4.5 based on 8 reviews
The German battleship Tirpitz was about to set out into the North Atlantic to cause havoc amongst the convoys struggling to keep the Allied war effort supplied. The only dock large enough to be able to repair this vessel should she be damaged was in St Nazaire.
Operation Chariot was a joint Royal Navy and British Commando assault which took place on 28 March 1942. HMS Campbeltown, a de-commissioned destroyer, was packed with explosives and rammed into the dock gates. The explosion did not occur until many hours after the ramming but the dock was put out of action until after the end of the war.
Although many sailors and commandos were killed, wounded or captured, the operation was considered to be a success as the Tirpitz never put to sea and was eventually sunk in a bombing raid by the RAF.
The huge dock can still be seen from the Avenue de la Prise d'Eau.
4 based on 12 reviews
The dolmen Three stones (dolmen or Priory) is a dolmen trilithon on the town of Saint-Nazaire, in the department of Loire-Atlantique, in France.
The dolmen of the Three Stones is located in the center of Saint-Nazaire, in the department of Loire-Atlantique. It occupies the southern part of a small square on the place of Dolmen, formed at the intersection of the Dolmen of the street and the street Menhir. It is located about 400 m west of the harbor, and roughly 1 km southeast of the station.
The dolmen dates from the Neolithic. Originally, it is included in the enclosed area of Saint-Jean-Baptiste priory of Saint-Nazaire, which explains its name "dolmen Priory" in the documents prior to the French Revolution. in the nineteenth century, it is also known as the "dolmen Metairie," or "Savary Bois". These multiple names clearly show its age.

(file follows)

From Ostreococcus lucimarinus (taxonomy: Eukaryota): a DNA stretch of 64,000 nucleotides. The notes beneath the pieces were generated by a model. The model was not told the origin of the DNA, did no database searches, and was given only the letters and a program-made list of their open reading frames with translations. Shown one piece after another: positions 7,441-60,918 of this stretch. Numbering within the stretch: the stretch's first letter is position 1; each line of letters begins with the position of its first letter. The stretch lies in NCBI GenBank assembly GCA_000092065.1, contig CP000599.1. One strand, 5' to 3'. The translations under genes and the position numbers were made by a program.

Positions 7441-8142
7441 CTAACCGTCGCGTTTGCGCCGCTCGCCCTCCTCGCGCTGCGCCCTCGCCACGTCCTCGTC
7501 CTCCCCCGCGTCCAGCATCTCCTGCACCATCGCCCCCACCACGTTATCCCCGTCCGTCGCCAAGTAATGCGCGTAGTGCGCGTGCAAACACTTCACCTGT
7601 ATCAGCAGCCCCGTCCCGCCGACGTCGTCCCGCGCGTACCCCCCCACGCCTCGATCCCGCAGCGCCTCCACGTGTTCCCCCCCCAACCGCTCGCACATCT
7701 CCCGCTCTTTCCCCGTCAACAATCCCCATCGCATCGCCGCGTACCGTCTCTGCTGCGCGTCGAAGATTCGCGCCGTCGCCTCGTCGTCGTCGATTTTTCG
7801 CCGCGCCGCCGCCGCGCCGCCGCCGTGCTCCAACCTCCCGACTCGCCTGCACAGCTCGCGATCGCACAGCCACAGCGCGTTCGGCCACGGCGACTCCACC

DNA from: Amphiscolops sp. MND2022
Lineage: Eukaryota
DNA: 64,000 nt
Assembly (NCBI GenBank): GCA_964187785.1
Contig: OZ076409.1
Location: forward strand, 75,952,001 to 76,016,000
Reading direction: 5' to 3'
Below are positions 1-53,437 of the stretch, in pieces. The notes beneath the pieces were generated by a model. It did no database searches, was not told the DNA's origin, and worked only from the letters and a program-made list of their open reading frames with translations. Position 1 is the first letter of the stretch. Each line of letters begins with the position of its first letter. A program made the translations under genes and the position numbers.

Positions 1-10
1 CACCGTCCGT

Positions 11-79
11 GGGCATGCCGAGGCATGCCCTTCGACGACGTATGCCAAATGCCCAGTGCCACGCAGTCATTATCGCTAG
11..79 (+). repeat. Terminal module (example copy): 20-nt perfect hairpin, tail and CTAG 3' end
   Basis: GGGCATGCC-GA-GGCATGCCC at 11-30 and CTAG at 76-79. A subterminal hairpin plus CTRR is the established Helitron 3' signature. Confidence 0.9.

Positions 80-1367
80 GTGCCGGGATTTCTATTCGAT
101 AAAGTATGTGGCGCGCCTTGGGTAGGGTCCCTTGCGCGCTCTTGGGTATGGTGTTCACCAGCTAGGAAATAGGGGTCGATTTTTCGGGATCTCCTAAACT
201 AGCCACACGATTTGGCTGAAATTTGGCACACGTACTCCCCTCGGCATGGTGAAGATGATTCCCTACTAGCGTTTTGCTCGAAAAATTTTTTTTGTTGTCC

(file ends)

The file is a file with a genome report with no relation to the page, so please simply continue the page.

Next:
The current appearance of the building is the result of destruction and successive developments, so much so that some authors have questioned its authenticity. The oldest engravings and older texts indicate that 3 stone trilithon are arranged this way before the beginning of the nineteenth century, long before the extension of the city in this sector; snapshots dating back to 1895-1900 and 1900-1910 indicate that the current appearance of the monument is earlier than this time. In a compilation published in 1883, René Kerviler, archaeologist and engineer who built the port of Saint-Nazaire area, described the dolmen as well:
"Dolmen of the Priory, in the new town of Saint-Nazaire. It's a huge trilithon, two meters high and table 3m40, with gallery of debris lying back. It has been preserved intact in the middle of a small square in the middle of a square; and Saint-Nazaire is probably the only city in France that has an authentic dolmen within its walls. Mr. Carro has given two fairly accurate lithographs in his Voyage among the Celts. (Paris, Durand, 1857 in-8o) "
Instead of other megalithic elements arranged in the square is more recent. In particular, the menhir dolmen next to a few meters is not in its original position. This stone is not shown standing on the old documents (including an engraving from 1850), or on the postcards of early twentieth century. A photograph from the early twentieth century shows the lying behind the porch. This block is also in this position on the prints when prints shown therein, coated in part in this case. This is a megalithic dolmen from the element, but it is not possible to know if it is a orthostat or item coverage of the room. The old postcard image shows the stone in a prone position behind the trilithon close to the one it had before the release of the megalith and especially before the amenities of square 1920s.
The dolmen is listed as a historical monument in 1889